The important thing is to do your research in ensuring that the people you are dealing with are in fact a legal business entity, and that they have the appropriate licenses to conduct business in China. Start your search online, check to see where your potential partners have an online presence, ask to see their business licenses, set up Skype calls to discuss finer details and make the effort to go and see their factory premises. 

>> Tweet these dangers about doing business in China to your followers <<

 

3) Register your trademark before someone else beats you to it!

If you are working with a factory on this side that is helping you to manufacture your own products or components it is critical that you protect your brand's interests by registering your trademark. China trademark registration is based on a 'got there first' basis, and as such many foreign companies fall victim to trademark/IP theft.  Many foreign companies also incorrectly assume that simply registering their trademark in their own country means that they are safe even after starting a business in China, but this can not be further from the truth. It is up to you to ensure that your trademark is registered both in your own country and in China!

What can I do to avoid this danger?

Download your FREE copy of "An Introduction To China Trademark Registration" where we explain why and how to protect your trademarks when doing business in China.

 

4) The devils hiding in Chinese contracts

Drawing up a contract is certainly an important part of helping to protect one's interests in China, but as to how far the contract will go to protect them is a whole different story. Many contracts that are drawn up lack enforcability due to the fact that they are not specific enough. Whilst terms may imply certain things where you come from, or in your language, the same may not hold up in a Chinese court of law.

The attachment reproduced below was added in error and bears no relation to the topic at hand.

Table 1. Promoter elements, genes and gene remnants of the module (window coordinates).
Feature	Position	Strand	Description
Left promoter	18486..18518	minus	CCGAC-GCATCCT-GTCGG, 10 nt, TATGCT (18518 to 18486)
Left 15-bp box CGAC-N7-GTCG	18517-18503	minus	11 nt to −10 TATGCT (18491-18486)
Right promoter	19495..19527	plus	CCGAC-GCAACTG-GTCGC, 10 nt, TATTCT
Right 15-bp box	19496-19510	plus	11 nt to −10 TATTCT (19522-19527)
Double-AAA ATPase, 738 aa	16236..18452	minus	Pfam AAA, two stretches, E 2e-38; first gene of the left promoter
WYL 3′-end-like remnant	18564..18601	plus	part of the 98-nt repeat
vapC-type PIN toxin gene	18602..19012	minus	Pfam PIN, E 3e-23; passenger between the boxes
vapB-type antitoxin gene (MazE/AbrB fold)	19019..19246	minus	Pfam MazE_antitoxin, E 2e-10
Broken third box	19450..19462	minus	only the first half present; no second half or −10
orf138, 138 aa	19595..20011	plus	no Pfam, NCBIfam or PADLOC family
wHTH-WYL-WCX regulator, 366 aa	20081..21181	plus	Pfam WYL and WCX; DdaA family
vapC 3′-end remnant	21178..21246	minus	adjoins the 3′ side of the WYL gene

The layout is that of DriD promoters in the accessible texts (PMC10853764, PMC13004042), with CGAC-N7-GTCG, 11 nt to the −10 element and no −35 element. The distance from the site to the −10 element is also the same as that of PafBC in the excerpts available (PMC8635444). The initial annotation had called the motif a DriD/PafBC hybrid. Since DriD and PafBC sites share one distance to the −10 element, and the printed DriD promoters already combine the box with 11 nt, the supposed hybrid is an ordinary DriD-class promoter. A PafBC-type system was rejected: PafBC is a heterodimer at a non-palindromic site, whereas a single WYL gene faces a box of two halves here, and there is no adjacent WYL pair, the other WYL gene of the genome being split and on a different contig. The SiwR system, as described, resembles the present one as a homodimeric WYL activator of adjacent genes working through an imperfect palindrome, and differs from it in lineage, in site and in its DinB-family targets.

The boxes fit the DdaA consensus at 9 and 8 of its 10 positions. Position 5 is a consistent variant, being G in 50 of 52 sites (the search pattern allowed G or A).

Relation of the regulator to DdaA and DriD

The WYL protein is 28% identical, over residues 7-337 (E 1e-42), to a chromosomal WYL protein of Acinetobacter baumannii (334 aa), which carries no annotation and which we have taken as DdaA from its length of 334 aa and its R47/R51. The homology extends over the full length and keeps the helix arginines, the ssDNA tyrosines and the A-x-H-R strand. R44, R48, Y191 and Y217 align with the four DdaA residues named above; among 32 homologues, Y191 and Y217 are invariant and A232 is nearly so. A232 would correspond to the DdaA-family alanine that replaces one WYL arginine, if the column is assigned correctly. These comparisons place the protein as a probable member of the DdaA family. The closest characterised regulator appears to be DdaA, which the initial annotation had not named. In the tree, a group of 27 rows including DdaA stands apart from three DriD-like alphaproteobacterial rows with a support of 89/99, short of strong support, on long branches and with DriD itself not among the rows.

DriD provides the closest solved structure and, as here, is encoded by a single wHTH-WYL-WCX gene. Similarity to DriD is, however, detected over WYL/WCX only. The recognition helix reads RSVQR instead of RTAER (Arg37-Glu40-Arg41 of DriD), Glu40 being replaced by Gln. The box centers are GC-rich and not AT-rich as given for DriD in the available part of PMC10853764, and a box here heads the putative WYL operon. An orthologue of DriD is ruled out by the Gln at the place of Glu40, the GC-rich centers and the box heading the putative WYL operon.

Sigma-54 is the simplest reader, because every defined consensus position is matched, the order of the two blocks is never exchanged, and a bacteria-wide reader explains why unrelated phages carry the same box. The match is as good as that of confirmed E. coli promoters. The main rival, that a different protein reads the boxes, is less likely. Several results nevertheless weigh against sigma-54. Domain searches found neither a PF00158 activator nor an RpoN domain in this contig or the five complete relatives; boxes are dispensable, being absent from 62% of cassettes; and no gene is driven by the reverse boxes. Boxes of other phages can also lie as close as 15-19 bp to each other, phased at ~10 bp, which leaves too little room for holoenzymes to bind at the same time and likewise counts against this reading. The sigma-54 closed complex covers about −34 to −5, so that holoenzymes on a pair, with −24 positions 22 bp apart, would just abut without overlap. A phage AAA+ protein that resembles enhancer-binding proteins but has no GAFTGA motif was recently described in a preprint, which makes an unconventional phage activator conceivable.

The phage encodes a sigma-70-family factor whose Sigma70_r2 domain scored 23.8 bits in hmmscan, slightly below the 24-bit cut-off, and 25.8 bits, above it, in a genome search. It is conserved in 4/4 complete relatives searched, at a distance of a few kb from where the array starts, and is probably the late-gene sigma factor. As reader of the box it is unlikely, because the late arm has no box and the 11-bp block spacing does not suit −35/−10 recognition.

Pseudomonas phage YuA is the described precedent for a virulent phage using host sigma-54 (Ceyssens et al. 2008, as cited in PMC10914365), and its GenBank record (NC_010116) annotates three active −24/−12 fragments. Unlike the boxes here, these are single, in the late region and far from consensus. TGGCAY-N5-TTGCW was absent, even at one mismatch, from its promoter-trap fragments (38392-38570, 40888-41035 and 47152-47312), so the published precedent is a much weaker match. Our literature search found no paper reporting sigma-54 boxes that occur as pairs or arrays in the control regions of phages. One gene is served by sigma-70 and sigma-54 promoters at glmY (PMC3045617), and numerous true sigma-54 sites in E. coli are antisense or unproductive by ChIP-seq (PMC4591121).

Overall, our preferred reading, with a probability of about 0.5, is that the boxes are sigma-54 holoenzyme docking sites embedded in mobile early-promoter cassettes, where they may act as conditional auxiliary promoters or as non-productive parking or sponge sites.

What can I do to avoid this danger?

Do absolutely everything you can to ensure that you draw up an enforceable contract to help protect yourself! Make sure that the contract is in Chinese and that is applies Chinese law. Don't generalize contract terms, be very specific to ensure that the contract is as iron clad as possible.

>> Tweet these dangers about doing business in China to your followers <<

 

Takeaways

Foreign companies trading in China absolutely need to:

  • Establish the appropriate business entity in China, comply with its registration requirements and clearly define its business scope
  • Do thorough research on their potential partners online, ask them to provide a copy of their business license, registration documents and tax statements for a period of one year to ensure that they are a legal entity, make the trip out to their factory
  • Research their trademark in the SAIC database, register their trademark and re-register it before it expires
  • Draw up an enforceable contract that leaves no room for generalization, make sure that the contract is in both English and Chinese and that is applies Chinese law

How do you feel about starting a business in China? Do you have any specific concerns? Have you already registered trademarks abroad?

Let us know your questions or comments by leaving them below.


An Introduction To China Trademark Registration eBook 

Topics: Chinese Trademarks, China Visa Application

Bobby Lee

Bobby Lee

Helping make China companies easy since 2007 as a Senior Consultant